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Neurofeedback Training for Anxiety

Updated: Dec 22, 2022

The evolution of our society and technology has occurred at a much faster pace than the evolution of our bodies and brains. As a result, our brains may sometimes respond to stress as if we are being chased by a saber tooth tiger.



Even in the absence of actual danger, our brains can sometimes switch into the fight-or-flight response mode. You may have experienced this yourself: your heart rate increases, your breathing becomes faster, and your pupils dilate, all in response to perceived danger. While these physical symptoms can be helpful in certain situations, they can also be disruptive and uncomfortable, especially if you have anxiety and your fight-or-flight response is frequently triggered unnecessarily.


However, there is good news: research has shown that the brain has a significant degree of neuroplasticity, which means it can change its structure and function in response to new stimuli and environments. This suggests that it is possible to modify the way our brains respond to stress and potential danger.



Rewiring the Brain With Neurofeedback Training


Neurofeedback is a form of biofeedback that uses EEG technology to monitor your brainwave activity in real time and provide visual or auditory feedback based on protocols developed by a neurofeedback provider. This training, or feedback, is often delivered through games or videos and aims to help your brain learn to be in a more balanced, healthy state. In most cases, it is beneficial to combine neurofeedback with other forms of training such as HRV training, Mind Analysis, meditation, visualization practice, cold exposure and extended retreats. The best approach for anxiety depends on the specific nature of the and the preferences of the individual.



Which part of the brain is responsible for generating anxiety?


The brain has two separate pathways that can contribute to anxiety: one that involves our perceptions and thoughts about situations, which originates in the cerebral cortex, and another that travels directly through the amygdala and triggers the fight-or-flight response.

Both pathways can play a role in anxiety, but some types of anxiety may be more related to the cortical pathway (which is influenced by our thoughts and perceptions) while others may be more influenced by the amygdala pathway (which operates more quickly and can create physical symptoms of anxiety without our conscious knowledge or control). The amygdala pathway can produce a surge of adrenaline and physical symptoms of anxiety within less than a tenth of a second. If you feel like your anxiety doesn't have an obvious cause and doesn't make logical sense, it may be due to the amygdala pathway.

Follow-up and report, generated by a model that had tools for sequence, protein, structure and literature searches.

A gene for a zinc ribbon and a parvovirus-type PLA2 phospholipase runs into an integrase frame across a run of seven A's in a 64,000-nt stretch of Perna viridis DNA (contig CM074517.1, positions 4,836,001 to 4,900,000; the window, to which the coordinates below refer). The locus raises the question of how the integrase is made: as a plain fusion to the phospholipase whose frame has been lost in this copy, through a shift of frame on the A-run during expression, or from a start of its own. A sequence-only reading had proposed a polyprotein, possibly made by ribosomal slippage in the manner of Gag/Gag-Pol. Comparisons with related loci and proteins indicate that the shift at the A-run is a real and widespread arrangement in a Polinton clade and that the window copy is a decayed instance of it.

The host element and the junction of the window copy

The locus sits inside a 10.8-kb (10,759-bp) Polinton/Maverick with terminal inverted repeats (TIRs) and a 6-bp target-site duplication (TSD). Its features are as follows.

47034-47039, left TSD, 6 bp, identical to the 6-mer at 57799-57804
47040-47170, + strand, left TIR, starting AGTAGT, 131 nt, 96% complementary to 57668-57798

Anxiety and the Brainwave Connection


A healthy and well-balanced brain will produce brainwaves at the appropriate levels and times for the current situation. There are five types of brainwaves: Delta, Theta, Alpha, Beta, and Gamma, which are repetitive patterns of neuronal activity. Anxiety is often associated with a decrease in alpha waves and an increase in beta waves. Neurofeedback aims to teach you how to modify your brainwaves to achieve a more desirable brainwave state. For example, alpha waves are associated with relaxation, while beta waves are linked to alertness. However, maintaining high levels of beta waves for an extended period of time can lead to feelings of fear and anxiety. Therefore, if you are stressed and anxious, your goal might be to increase alpha waves while decreasing beta wave activity.


Does Anxiety Affect the Brain?


Anxiety can change the brain by decreasing the connections between the amygdala, which is involved in emotional processes, and the ventrolateral prefrontal cortex, which is responsible for response inhibition and selecting appropriate responses to goals. In a healthy brain, the ventrolateral prefrontal cortex and amygdala work together to analyze and respond to social and environmental cues. When a potential threat is detected, the amygdala sends signals throughout the brain, activating the ventrolateral prefrontal cortex to help the brain respond appropriately. However, anxiety weakens the connection between the amygdala and the ventrolateral prefrontal cortex, making it less likely that you will respond to the threat rationally. Research has shown that neurofeedback may help to strengthen the connection between the amygdala and the ventrolateral prefrontal cortex. With this connection restored, the ventrolateral prefrontal cortex is better able to provide an appropriate response to potential threats, reducing the impulsive, hyperactive reactions that are commonly associated with anxiety.


Whether you were born with a brain naturally prone to anxiety or whether you developed your tendency for anxiety later in life and career, there are effective ways to reduce your anxiety.






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